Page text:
"Peer reviewed" means that an article has been reviewed by other scholars in the field -- the author's "peers" -- before being approved for publication. It is meant to ensure the integrity of the scholarship.
Not everything that is published in a journal is peer-reviewed. Book reviews and editorials are typically not peer-reviewed. Magazine articles and newspaper articles also are not peer-reviewed. (There may be cases where these kinds of publications are still relevant to your research! Ask your professor if you are unsure).
Most article databases have an Advanced Search option that will let you limit your search to peer-reviewed articles.
Many databases give you only a citation telling you where to find the article, not the article itself.
There's often a shortcut to the full article text in another database -- this button:
Click the Find It @GSU button to open a window with links to the article you need.
If the article is not available, you will see an option to request the article from another library using the Interlibrary Loan service (it's free!). Follow the prompts to place an ILL request for the article.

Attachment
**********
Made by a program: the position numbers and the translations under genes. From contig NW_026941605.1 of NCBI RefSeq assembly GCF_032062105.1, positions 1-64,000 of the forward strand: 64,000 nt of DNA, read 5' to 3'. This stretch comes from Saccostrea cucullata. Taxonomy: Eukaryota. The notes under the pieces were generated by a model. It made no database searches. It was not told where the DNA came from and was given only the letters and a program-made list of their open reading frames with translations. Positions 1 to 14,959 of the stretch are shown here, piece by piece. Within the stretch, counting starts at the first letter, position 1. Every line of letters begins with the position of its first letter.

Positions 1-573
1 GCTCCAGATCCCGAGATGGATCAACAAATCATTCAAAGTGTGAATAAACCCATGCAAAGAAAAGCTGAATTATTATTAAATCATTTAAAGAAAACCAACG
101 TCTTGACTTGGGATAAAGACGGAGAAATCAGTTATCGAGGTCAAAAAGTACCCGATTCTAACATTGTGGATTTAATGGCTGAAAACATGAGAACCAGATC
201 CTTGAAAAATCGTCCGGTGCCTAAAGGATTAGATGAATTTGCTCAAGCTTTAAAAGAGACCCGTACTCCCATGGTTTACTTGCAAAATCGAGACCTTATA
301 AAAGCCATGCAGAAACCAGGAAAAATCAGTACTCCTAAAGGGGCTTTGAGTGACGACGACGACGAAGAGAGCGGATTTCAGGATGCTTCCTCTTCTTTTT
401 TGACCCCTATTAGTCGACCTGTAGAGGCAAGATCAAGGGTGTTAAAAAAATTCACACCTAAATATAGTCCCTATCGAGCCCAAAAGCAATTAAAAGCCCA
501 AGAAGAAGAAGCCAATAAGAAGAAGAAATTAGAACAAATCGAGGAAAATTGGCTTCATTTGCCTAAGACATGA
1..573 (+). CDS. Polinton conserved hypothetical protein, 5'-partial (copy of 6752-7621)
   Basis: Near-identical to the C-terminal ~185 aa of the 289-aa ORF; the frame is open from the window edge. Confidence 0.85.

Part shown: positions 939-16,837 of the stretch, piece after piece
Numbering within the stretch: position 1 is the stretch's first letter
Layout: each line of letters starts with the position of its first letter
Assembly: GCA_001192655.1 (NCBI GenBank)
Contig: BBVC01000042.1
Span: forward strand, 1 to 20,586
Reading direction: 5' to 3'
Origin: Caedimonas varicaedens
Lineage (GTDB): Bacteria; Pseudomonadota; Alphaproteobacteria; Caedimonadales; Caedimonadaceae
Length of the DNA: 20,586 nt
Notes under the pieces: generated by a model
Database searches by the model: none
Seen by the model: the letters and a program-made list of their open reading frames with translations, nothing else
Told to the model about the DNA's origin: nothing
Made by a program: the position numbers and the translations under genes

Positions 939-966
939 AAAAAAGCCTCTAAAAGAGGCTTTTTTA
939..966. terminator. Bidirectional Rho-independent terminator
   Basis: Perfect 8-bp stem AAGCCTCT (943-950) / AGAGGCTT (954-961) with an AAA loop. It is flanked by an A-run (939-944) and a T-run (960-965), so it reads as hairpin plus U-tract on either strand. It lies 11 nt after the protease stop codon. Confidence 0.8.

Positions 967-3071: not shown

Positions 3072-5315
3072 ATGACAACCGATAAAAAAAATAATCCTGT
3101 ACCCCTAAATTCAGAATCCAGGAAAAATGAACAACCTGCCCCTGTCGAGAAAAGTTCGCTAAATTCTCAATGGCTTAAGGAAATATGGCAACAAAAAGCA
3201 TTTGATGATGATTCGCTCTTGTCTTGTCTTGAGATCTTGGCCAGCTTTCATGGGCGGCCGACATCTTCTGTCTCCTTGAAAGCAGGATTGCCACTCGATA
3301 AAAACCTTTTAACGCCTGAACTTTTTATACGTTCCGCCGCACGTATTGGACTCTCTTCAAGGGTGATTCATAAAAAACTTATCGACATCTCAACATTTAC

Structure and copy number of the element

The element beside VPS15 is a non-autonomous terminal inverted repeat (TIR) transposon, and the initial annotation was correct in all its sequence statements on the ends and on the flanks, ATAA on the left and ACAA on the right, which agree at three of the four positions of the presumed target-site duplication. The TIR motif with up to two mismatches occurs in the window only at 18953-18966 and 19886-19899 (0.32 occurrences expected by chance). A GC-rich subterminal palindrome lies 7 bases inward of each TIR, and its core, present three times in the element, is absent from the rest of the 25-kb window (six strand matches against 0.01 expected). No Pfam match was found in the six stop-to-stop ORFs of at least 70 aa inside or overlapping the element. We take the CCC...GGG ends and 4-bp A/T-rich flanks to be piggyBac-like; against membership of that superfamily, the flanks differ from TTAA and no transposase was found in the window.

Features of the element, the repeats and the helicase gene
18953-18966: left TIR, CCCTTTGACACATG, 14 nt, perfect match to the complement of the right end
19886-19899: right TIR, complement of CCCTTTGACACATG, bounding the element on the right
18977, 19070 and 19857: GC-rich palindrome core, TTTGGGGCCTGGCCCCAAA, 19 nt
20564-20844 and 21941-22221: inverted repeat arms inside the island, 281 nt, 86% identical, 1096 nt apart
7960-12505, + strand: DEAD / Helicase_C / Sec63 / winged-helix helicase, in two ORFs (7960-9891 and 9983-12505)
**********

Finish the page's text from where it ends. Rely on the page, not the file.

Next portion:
Lost? Stuck? Too many options? Ask a Librarian for help!
To limit your searches to topics focusing specifically on African-Americans, African-American culture, etc., use a database's Advanced Search option. Use the search boxes for keywords/search terms based on your topic. In one of the boxes, include a search (called a "search string") like this one:
african-american* OR black* OR negr*
A search string like this one covers all of those bases. The OR between terms means that you are searching for results including EITHER of the terms in that list. If you used AND instead of OR in that search string, you would only turn up results that used ALL THREE of those terms, which will be a much smaller results list).
If you wanted to limit your results to "women" (or "men" or "children" or "nurses," and so on), you can add another search box (look for a plus sign by the search boxes or an "Add a Row" option) and type that term into an additional search box.
Using OR, AND, and even NOT if you really want NO results involving a particular term is called Boolean searching. For more information about Boolean searching, check out this video:
These databases focus on specific social-science disciplines. To search more broadly, try the databases in the "Interdisciplinary Articles Databases" box.
You can also use the dropdown "Find by Subject" box in the Articles / Databases tab to identify relevant databases by subject.
Subject-specific research guides can also help you find more databases for your topic.